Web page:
Prostate cancer can be diagnosed using image-guided targeted biopsy, a UCLA team of physicians and engineers has demonstrated.
Traditionally found only by blind biopsy, a procedure that dates from the 1980s, prostate cancer now appears detectable by direct sampling of tumor spots found using Magnetic Resonance Imaging (MRI) in combination with real-time ultrasound, according to the UCLA study
The study indicates that the MRI and ultrasound fusion biopsy, which is much more accurate than conventional blind biopsy, may lead to a reduction in the numbers of prostate biopsies performed and allow for early detection of serious prostate cancers.
The study involved 171 men who were using active surveillance to monitor slow growing prostate cancers or men who had persistently elevated prostate specific antigen (PSA) --a protein produced by the prostate that can indicate the presence of cancer - but had prior negative biopsies.
The UCLA biopsies were done in about 20 minutes in an outpatient clinic setting under local anesthesia.
Annually, about 240,000 new cases of prostate cancer are discovered. Thus, about 75 percent of the biopsies are negative for cancer. However many of those men with negative biopsies but elevated PSA levels may still harbor malignant tumors that were missed by conventional biopsies, said study senior author Dr. Leonard S. Marks, a professor of urology and director of the UCLA Active Surveillance Program.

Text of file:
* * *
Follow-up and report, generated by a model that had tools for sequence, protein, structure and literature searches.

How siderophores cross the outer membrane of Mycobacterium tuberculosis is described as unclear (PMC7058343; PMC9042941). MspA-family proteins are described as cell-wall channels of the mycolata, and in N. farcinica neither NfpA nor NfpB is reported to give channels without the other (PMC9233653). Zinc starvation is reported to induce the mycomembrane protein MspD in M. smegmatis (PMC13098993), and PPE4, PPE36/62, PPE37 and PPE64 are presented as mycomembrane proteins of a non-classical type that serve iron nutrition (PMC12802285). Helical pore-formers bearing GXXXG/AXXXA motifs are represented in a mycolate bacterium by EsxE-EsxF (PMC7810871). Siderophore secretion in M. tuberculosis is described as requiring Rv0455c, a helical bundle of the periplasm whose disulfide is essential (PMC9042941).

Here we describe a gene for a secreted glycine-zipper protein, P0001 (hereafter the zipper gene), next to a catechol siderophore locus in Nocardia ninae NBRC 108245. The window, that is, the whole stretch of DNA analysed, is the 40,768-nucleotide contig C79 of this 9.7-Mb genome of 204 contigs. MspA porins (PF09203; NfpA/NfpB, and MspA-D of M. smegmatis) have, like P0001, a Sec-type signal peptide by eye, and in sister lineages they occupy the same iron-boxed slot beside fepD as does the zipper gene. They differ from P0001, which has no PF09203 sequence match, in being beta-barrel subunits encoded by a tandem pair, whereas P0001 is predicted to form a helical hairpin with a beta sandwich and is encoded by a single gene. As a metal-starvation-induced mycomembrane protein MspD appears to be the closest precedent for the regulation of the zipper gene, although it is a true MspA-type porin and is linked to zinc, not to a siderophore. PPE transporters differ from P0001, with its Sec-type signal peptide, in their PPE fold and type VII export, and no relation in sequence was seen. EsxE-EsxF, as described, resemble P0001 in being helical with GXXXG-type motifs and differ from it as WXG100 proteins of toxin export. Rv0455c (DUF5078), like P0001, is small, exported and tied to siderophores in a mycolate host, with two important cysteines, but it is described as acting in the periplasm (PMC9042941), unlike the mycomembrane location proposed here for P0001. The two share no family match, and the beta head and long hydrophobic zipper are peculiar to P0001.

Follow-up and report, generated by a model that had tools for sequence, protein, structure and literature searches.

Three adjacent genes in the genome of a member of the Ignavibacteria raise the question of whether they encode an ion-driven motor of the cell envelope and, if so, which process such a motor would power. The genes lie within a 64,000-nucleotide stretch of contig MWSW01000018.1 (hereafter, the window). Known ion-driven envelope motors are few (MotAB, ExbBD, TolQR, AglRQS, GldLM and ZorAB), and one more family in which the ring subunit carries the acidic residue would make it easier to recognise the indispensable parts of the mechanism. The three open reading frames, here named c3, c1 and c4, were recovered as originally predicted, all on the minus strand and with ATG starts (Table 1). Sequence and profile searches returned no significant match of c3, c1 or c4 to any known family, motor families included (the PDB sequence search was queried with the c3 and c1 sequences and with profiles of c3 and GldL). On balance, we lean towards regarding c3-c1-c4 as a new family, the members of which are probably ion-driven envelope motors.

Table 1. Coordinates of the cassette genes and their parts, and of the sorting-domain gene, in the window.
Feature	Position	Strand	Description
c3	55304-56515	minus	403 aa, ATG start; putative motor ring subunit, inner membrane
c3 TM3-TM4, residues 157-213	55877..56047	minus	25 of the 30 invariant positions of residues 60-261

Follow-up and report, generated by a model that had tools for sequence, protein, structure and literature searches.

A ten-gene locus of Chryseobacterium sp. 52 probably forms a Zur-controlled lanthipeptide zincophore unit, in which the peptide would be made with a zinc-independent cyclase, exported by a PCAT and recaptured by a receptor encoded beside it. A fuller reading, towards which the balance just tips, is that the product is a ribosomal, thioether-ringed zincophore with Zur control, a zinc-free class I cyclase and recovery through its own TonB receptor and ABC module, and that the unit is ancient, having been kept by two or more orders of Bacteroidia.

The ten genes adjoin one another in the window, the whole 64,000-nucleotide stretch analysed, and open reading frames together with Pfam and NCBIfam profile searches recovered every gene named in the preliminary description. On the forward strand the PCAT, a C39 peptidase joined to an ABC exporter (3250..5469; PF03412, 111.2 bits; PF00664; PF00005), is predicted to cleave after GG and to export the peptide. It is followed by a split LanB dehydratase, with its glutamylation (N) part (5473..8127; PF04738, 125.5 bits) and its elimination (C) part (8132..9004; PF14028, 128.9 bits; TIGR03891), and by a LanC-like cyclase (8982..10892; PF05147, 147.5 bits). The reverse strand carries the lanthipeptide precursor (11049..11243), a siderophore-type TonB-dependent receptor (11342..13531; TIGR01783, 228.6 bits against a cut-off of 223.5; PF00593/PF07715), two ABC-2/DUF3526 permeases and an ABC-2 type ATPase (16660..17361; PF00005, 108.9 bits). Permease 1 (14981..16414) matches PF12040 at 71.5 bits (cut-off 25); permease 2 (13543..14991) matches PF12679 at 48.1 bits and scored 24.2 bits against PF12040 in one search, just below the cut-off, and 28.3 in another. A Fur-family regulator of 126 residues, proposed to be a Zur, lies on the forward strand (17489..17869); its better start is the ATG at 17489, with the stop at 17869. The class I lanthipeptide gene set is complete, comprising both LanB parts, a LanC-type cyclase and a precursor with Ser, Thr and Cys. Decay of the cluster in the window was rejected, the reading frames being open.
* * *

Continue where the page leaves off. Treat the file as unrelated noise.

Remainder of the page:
"Early prostate cancer is difficult to image because of the limited contrast between normal and malignant tissues within the prostate," Marks said.
"Conventional biopsies are basically performed blindly, because we can't see what we're aiming for. Now, with this new method that fuses MRI and ultrasound, we have the potential to see the prostate cancer and aim for it in a much more refined and rational manner," he noted.
The new targeting process is the result of four years of work funded by the National Cancer Institute and based in the Clark Urology Center at UCLA.
In this study, the volunteers undergo MRI first to visualize the prostate and any lesions. That information is then fed into a device called the Artemis, which fuses the MRI pictures with real-time, three-dimensional ultrasound, allowing the urologist to see the lesion during the biopsy.
"With the Artemis, we have a virtual map of the suspicious areas placed directly onto the ultrasound image during the biopsy. When you can see a lesion, you've got a major advantage of knowing what's really going on in the prostate. The results have been very dramatic, and the rate of cancer detection in these targeted biopsies is very high. We're finding a lot of tumors that hadn't been found before using conventional biopsies," Marks said.
Prostate cancer was found in 53 percent of 171 study volunteers. Of those tumors found by the fusion biopsy technique, 38 percent had a Gleason score of greater than seven, which indicates an aggressive tumor, more likely to spread than tumors with lower scores.
Once prostate cancer spreads, it's much more difficult to treat and survival decreases.
The UCLA study team included doctor-scientists from urology, radiology, pathology, the Center for Advanced Surgical and Interventional Technology (CASIT) and biomedical engineering.
The results have been released early online for the January 2013 issue of The Journal of Urology. (ANI)